bikinis, handcuff keys, and other awesome things you can make with a 3d printer
Now, as technology advances, from crime scene investigators to garage enthusiasts and hackers, it seems like everyone is using a 3D printer.
Here are some of the most innovative uses that have been proposed so far.
The German hacker named \"Ray\" made the key with a 3D printer, unhandcuffed-and they work!
Ray created the computer with the key he bought on eBay. aided design (CAD)
The model of the key can be copied.
The real handcuffs used by the police cannot be bought by the public, so these keys will only open the kind used by air passengers, but because they are made of plastic, they will still cause some problems for TSA.
Are you not going to be handcuffed soon?
You can also copy your house key if you wish.
Last year, clothing company continue Fashion created the world\'s first 3D-printed wearable bikini.
Now, they are working on a network.
You can design your own costume and they will make it for you.
This project is called CONSTRVCT and currently lives in Kickstarter.
When you design something on the website, they \"make your design with digital textile printing and sew it according to your size,\" You can even upload your own photos, turn it into a masterpiece of fashion.
The clothes you ordered are old fashioned, but continue also has 3D printed earrings and shoes for sale.
FoodA, named Choc Edge, is designing \"the world\'s first commercial 3D chocolate printer \".
It uses a syringe to assign chocolate to any pattern you like, and you can use different types of chocolate at will.
The retail price of the printer is just over $3,500, so most of us may never have it, but it\'s still cool.
MIT is also working on several more complex and delicious versions of the concept.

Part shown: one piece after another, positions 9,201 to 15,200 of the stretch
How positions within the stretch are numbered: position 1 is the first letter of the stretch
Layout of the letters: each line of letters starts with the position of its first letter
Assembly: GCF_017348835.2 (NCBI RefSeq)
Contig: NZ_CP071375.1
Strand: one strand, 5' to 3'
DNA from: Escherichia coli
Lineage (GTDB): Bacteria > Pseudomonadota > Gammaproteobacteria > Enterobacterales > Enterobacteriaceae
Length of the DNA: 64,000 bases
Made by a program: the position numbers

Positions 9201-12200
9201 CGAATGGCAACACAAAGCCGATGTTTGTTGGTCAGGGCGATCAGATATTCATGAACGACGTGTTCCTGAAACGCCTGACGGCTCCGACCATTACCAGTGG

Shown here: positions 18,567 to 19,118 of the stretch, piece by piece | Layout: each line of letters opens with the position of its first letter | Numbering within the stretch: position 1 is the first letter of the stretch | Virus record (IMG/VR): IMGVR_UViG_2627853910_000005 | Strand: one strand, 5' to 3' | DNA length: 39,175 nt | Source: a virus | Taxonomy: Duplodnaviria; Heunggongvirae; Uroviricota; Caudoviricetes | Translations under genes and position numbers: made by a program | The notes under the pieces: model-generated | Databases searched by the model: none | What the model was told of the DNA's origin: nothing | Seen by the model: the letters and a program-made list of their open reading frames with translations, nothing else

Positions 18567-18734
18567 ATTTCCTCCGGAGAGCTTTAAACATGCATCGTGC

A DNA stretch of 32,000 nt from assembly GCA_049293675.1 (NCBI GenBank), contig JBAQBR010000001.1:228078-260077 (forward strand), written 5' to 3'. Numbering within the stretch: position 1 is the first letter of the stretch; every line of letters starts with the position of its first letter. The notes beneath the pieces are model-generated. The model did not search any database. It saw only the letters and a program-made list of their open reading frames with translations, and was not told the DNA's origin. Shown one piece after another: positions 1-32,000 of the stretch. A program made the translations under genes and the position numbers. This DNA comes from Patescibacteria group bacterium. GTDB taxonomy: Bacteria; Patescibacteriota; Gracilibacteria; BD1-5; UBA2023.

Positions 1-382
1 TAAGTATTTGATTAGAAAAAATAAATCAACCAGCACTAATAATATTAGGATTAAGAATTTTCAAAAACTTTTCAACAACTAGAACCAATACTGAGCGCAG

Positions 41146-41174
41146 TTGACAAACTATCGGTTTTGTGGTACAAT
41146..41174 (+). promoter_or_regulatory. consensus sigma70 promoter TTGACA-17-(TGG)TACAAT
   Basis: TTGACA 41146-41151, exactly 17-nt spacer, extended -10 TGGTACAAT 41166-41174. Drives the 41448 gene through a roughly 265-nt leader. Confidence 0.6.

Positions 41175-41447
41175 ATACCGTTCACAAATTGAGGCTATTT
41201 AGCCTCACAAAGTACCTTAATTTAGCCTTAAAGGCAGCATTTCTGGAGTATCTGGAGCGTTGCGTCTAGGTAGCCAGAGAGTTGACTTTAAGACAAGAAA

So far, the project has designed four prototypes for 3D food printers.
The Digital Chocolate Maker allows you to design your own candy and even have the \"turntable\" of the ingredients \", digital manufacturers turn your favorite ingredients into \"flavors and textures that are completely unimaginable through other cooking techniques \".
\"You can read more about these and several other concept designs developed by the Cornucopia team on their website.
OrgansNo, not the one you use to play Tokata and fugue, but the one in your body.
Organolan has developed a bioprinting platform that can synthesize human tissues from any cell, and other platforms are very useful in the field of dentistry and orthodontics.
At present, biological products are mainly used for research, but NovoGen of organza can create human skin, researchers at Columbia University and several other universities are working on a way to finally be able to print living human organs in 3D.
These are just a few things a 3D printer is doing.
Due to economic constraints, it is likely that it will take a while for ordinary people to have one, but as technology advances, it is difficult to judge what we will print in a year or two.
What will you do with a 3D printer?